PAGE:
Thursday, January 17, 2013
Monday, January 14, 2013
The authors analyzed the Miranda portions of electronically recorded police interrogations in serious felony cases. The objectives were to determine what percentage of suspects waived their rights, whether the suspects understood their rights before waiving them, and whether the police employed any tactics to induce the suspects to waive their rights. The results of the study revealed that 93% of suspects waived their Miranda rights and talked to the police. Further, it is unlikely that those suspects understood their rights; in fact, the police used a version of the Miranda warning that required a reading level that far exceeded that of most suspects, and the police did very little to ensure that suspects actually understood their rights before waiving them. Finally, the police spoke significantly faster when reading suspects their Miranda rights, and, in more than half of the interrogations, also minimized the importance of the rights. Both of these tactics likely limited the suspects’ comprehension of the rights and their importance, and likely induced them to waive, rather than invoke, their rights. These findings are largely consistent with the limited number of other social science studies that have been published, and raise serious doubt about whether suspects’ waivers are truly voluntary, knowing, and intelligent, as required by Miranda. Based on these findings, the authors also recommend specific reforms to the Miranda process. Full article available here.
Saturday, January 5, 2013
Criminal procedure can be incredibly harsh and unforgiving for defendants and their lawyers. If a defense lawyer makes the smallest misstep, or fails to do or say just the right thing at just the right time, he can inadvertently “waive” his client’s rights and protections, often with disastrous outcomes. But, when it comes to judges, the law is much more forgiving. In State v. Robinson the judge sentenced the defendant to a multi-year term of confinement. The defendant was hauled out of the courtroom and straight to jail to begin serving her time. But the judge slept on it, had second thoughts, and decided that he wanted a “do over.” So the next day he had the deputies haul the defendant out of jail and back into court, where he re-sentenced her and gave her an additional nine months.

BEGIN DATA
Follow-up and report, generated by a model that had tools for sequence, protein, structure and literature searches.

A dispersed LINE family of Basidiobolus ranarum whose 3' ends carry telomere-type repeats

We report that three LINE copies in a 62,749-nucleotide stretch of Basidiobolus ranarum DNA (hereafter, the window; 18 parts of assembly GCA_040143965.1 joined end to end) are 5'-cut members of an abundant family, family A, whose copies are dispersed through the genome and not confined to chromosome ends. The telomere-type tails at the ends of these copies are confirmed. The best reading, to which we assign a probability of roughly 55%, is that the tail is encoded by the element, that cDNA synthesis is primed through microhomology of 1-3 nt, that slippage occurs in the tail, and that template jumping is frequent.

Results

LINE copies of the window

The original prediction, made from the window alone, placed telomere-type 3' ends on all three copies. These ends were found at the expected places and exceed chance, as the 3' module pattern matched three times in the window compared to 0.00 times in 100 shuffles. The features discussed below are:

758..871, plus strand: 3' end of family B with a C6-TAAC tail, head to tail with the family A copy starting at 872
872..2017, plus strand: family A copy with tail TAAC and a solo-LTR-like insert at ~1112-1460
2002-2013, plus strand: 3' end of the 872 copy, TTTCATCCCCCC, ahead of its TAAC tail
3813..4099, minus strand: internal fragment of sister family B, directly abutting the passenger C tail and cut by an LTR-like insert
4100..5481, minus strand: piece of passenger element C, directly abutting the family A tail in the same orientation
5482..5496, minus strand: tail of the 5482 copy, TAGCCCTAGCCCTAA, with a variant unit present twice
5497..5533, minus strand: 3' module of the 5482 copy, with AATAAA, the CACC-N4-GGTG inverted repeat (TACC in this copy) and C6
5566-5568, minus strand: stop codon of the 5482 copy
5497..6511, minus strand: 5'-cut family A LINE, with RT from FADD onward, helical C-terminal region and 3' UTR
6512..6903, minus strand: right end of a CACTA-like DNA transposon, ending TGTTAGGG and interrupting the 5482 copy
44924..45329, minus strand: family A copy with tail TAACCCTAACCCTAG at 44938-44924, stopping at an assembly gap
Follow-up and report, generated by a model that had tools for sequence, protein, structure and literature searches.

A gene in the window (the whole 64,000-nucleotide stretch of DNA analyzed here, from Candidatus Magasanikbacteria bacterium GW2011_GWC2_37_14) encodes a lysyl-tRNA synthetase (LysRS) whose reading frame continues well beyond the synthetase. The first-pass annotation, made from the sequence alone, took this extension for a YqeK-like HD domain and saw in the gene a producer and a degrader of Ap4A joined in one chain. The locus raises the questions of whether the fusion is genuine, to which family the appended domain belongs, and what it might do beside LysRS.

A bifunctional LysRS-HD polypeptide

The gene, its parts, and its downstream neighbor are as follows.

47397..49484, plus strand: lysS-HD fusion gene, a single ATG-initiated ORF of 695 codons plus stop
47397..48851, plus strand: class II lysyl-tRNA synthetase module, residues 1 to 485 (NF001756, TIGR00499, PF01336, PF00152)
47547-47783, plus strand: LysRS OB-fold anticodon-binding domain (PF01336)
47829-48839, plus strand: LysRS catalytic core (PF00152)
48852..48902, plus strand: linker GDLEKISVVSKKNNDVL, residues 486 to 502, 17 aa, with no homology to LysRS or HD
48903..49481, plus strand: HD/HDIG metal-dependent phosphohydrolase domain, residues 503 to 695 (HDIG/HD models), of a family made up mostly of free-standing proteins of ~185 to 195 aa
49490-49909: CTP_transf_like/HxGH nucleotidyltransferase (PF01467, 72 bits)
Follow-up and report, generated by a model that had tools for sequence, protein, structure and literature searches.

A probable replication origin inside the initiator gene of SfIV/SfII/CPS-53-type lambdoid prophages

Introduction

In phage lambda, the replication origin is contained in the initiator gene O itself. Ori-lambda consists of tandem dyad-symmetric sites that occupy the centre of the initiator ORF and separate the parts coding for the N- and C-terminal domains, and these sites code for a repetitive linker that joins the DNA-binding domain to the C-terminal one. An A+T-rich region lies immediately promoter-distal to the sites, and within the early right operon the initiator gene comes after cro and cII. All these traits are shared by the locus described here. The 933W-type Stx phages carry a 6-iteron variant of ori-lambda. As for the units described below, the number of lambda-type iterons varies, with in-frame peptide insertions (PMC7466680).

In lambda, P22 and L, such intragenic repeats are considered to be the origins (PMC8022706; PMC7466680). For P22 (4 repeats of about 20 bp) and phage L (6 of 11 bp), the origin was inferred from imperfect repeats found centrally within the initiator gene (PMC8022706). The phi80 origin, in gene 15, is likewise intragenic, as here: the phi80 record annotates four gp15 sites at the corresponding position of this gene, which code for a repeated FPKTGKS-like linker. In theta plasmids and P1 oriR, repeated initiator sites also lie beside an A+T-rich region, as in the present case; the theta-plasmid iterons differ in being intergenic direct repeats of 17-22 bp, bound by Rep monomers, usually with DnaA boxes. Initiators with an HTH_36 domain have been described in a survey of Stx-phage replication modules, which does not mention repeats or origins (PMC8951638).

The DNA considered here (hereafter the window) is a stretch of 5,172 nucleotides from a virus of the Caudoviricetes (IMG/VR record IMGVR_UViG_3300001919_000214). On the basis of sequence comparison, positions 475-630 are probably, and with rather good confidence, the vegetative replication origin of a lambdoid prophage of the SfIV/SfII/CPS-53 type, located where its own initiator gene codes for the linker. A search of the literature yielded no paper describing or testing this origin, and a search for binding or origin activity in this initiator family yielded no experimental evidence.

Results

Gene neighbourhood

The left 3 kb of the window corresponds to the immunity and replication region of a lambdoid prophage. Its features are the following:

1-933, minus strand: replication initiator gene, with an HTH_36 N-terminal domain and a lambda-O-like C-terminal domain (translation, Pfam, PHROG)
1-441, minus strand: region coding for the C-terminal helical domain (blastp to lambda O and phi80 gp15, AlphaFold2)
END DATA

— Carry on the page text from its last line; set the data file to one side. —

A couple of years ago, some members of the Wisconsin Bar were putting up a stink about the low hourly wage paid to appointed attorneys who represent indigent citizens accused of crimes. I wrote about it on the MU Faculty Blog, and made the prediction that the state government would not raise this pay rate, which has been unchanged for decades. And not only was that prediction correct—I’m not taking credit for reading the future; the prediction was easy and obvious—but since that time, lawyer wages have fallen even further. Many employers, including the government, are now advertising lawyer jobs where the salary is—you guessed it—zero.
When reading my $500 per year Wisconsin Lawyer Magazine—which appears to be free to everyone who does not pay bar dues—I saw an article about an out-of-state lawyer discipline case. The lawyer was publicly censured, fined, and got stuck with “the cost of the proceeding” for some advertising claims that were confusing, probably misleading, and, in some cases, false. Here’s an example: “the lawyer stated that attorneys in the firm focused their practice in one area of law, but the firm’s web page listed 27 distinct practice areas.” Obviously, the word “focused” could have different meanings to different people. For example, some attorneys in the firm may spend half of their time in a single area, thus qualifying as a “focus,” while still practicing in multiple other areas of law for the other half of their work. Alternatively, maybe some of the firm’s lawyers do “focus” exclusively on one area, while other members don’t focus and instead practice multiple areas of law. So why was the lawyer disciplined?